In contrast, the Incoming Correspondence Subseries provides a broad spectrum of letters written to Cunard. Ranging from personal to business correspondence, there are examples of hate mail received from Americans outraged at her open relationship with a black man and letters of congratulation on the publication of her various books. Of particular note among Cunard's correspondents are Valentine Ackland, Géraldine Balayé, John Banting, Morris Gilbert, Rupert Hart-Davis, Langston Hughes, Irene Rathbone, Otto Theis, Sylvia Warner, as well as others. A section of this Subseries is devoted to groupings of letters Cunard created around various subjects, including letters of comment on Negro, Poems for France, and responses to a series of questionnaires she sent out about the Spanish Civil War. A list of the correspondents included in these groupings is included after the Index of Correspondence at the end of this finding aid.
Third-party Correspondence provides a few letters between people associated with Cunard, and are generally about Cunard or her work. An exception to this are the chatty letters from George Moore to Cunard's mother, Lady Maud Cunard.
Series III. Personal Papers, 1895-1964 (8.5 boxes)
The Personal Papers series is composed of documents that Cunard had some part in creating but which are not considered creative works. They are organized into four subseries based on the type of material present: Subseries A. Legal and Medical Documents, 1936-1956 (.5 box); Subseries B. Address and Guest Books, 1895-1956 (.5 box); Subseries C. Commonplace Books, Diaries, and Scrapbooks 1909-1959 (6 boxes); and Subseries D. Lists and Notes, 1911-1958 (2 boxes).
The Legal and Medical Documents Subseries contains memoranda of agreement, passports and registration papers, check stubs, income and property records, and medical records. Additional medical materials, in the form of x-rays of Cunard, can be found in the Literary Files of the Photography Collection.
The Address and Guest Book Subseries contains a variety of address books as well as guest books from both Cunard's parent's estate, Nevill Holt, and one of her own homes in France. The Commonplace Books, Diaries, and Scrapbooks Subseries contains a variety of journals and notebooks with favorite poems copied out of books or papers, records of daily activities, and home-made scrapbooks with photographs, newspaper clippings, theater programs, letters, book reviews, and other items.
The Lists and Notes Subseries is composed of notebooks and loose pages with ideas and notes jotted on them, in addition to organized groups of notes on various topics, particularly the Scottsboro arrest case. Additionally there are a large number of travel notes taken by Cunard in Italy, Mallorca, Spain, the West Indies, and other locales.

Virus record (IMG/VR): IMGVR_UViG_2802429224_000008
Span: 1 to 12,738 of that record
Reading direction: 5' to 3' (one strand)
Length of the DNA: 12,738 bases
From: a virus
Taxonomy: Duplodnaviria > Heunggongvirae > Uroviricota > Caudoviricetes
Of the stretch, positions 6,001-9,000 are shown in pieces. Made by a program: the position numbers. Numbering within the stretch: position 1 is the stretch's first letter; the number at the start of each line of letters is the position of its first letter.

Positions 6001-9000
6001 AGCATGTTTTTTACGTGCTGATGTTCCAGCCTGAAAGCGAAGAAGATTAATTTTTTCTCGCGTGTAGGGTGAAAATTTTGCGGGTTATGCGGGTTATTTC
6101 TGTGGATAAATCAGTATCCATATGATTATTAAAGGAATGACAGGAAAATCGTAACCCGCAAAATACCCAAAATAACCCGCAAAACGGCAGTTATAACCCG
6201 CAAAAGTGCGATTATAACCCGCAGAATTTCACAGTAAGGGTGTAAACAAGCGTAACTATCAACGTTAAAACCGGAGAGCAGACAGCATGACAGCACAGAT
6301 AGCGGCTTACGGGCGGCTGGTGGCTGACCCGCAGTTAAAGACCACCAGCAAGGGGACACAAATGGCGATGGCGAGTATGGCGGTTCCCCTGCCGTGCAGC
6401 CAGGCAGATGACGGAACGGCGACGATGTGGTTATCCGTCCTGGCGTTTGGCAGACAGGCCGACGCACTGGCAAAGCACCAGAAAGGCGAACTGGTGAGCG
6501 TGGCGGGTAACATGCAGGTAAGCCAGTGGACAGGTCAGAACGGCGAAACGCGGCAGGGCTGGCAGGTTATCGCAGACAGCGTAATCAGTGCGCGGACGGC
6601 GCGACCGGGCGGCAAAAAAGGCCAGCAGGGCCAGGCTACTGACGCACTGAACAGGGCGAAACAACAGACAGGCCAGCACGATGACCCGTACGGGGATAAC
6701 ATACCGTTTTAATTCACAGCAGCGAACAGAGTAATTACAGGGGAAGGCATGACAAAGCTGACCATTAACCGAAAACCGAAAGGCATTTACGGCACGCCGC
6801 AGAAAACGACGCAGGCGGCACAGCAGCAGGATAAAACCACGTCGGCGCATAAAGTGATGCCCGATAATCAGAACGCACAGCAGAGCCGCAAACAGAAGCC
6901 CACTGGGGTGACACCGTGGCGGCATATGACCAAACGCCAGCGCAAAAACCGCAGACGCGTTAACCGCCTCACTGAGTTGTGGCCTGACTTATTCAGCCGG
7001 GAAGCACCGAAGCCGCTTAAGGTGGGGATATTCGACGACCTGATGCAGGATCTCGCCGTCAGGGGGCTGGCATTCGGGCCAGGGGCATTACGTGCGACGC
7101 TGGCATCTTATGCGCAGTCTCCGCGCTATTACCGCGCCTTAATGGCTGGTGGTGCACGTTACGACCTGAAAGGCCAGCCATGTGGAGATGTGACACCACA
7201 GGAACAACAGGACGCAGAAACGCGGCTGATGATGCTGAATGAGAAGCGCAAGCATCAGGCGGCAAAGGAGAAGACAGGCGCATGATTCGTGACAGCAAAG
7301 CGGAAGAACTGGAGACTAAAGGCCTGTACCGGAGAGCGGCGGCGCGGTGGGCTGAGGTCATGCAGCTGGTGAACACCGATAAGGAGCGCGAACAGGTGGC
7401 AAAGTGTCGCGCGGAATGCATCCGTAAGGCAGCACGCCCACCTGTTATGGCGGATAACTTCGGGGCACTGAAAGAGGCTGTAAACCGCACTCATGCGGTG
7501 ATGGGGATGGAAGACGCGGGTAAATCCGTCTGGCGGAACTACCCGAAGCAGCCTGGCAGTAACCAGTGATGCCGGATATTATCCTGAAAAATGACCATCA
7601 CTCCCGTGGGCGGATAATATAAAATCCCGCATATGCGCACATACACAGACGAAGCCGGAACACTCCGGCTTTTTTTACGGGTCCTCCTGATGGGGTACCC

Series IV. Works by other Authors, 1920-1964 (15 boxes)
The Works by other Authors Series, arranged alphabetically by author, contains holograph and typescript drafts of Antonio Aparicio's Los Hombres de Piedrabirena, Louis Aragon's Le défence de l'Infini, Andrés Cañaberal's Manuel y el Pirulin cuento pera Mayores and Tristes Palabras:Introduction, Henry Crowder's memoir As Wonderful as That?, Ramon del Valle-Inclán's Blood-Bond, and many others.

Related Material

Other materials associated with Cunard may be found in the following collections at the Ransom Center:
  • Armstrong, Terence Ian Fytton
  • Church, Richard
  • Contempo
  • Fitzgibbon, Constantine
  • Grieve, Christopher Murray
  • Hutchinson, Mary
  • Lehmann, John
  • Lindsay, Philip
  • Lowndes, Marie Adelaide
  • Nehls, Edward
  • Palmer, Herbert Edward
  • Patmore, Derek
  • PEN
  • Pound, Ezra Loomis
  • Tomlinson, Henry Major
  • Trewin, J.C.
  • Waugh, Alec

Index Terms


Ackland, Valentine.
Aparicio, Antonio.
Aragon, Louis, 1897- .
Balaye, Geraldine.
Beckett, Samuel, 1906- .
Benkovitz, Miriam J.
Douglas, Norman, 1868-1952.
Duff, Charles.
Ford, Hugh D., 1925- .
Gilbert, Morris, 1894- .
Hart-Davis, Rupert, 1907- .
Jameson, Storm, 1897- .
Lowenfels, Walter, 1897-1976.
MacPherson, Kenneth, 1903?-1971.
Moore, George, 1852-1933.
Morgan, Louise, d. 1964.
Pound, Ezra, 1885-1972.
Rathbone, Irene, 1892-1980.
Robinson, Clyde.
Roma, Juan-Miguel.
Senhouse, Roger.
Solano, Solita.
Spender, Stephen, 1909- .
Thorne, Anthony.
Warner, Sylvia Townsend, 1893- .
Woolf, Cecil.


Authors--20th century.


Spain--Civil war--1936-1939.

Document Types

Commonplace books.

Nancy Cunard Collection--Folder List